Young girl meets with care team that saved her life exactly two years ago

Ten-year-old Sofia Montoya doesn't remember the first time she met Shara Griffis. But Griffis, a nurse with Stanford Life Flight, remembers the first time she saw the elementary school student from the Half Moon Bay area.

"She was not breathing well, she was pale, she didn't look good," said Griffis. "Our assessment of her was she was critically ill.”

On April 18, 2016, Sofia's heart stopped while the then 8-year-old was playing on the school playground.

"She was laying on the playground not moving. A firefighter came over and said, 'The good news is she has a pulse now,’" said mother Shawna Montoya. "Some people didn't ever expect her to wake up."

Sofia had an unknown heart condition that causes her heart to beat erratically. She was in a coma for 5 days.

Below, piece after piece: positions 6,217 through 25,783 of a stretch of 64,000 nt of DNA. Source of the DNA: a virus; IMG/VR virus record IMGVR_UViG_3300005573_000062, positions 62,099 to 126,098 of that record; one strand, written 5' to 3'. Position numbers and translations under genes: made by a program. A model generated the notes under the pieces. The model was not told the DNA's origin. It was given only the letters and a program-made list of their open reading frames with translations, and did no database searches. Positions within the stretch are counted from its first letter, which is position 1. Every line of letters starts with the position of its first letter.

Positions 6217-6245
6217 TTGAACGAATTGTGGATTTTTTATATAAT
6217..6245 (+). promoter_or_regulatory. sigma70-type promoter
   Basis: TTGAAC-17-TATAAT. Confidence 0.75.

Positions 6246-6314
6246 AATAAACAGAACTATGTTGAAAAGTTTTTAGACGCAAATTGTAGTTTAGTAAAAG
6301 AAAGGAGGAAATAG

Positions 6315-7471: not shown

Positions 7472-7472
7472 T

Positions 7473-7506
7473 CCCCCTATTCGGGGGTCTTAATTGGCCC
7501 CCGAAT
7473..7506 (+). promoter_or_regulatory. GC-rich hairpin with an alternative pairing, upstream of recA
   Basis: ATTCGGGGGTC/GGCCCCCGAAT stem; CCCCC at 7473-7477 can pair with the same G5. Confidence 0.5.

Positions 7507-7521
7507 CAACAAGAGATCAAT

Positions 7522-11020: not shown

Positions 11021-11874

On Wednesday, exactly 2 years after Sofia's cardiac arrest, she and 11 members of her care team shared heartfelt hugs during a reunion at Lucile Packard Children's Hospital in Palo Alto.

The 5th grader calls them "heroes" and don't ask her to pick a favorite.

"I can't choose because all of them were a part of bringing me back to 100 percent Sofia and what I am today," said Sofia Montoya.

Sofia is now 10 years old, almost fully-recovered and CPR certified.

"If she hadn't had immediate bystander CPR that was effective, we probably wouldn't be standing here right now," said Griffis.

The former patient is now learning geometry and gymnastics and some first responders consider that a miracle.

"It's a miracle to see a little kid have an outcome like that. A full cardiac arrest and now has this as an outcome. It's just a miracle," said Griffis.

According to the latest figures, only one in 10 people survive a cardiac arrest outside the hospital which is why Sofia and her family now advocate for anyone including kids and adults to get trained in CPR.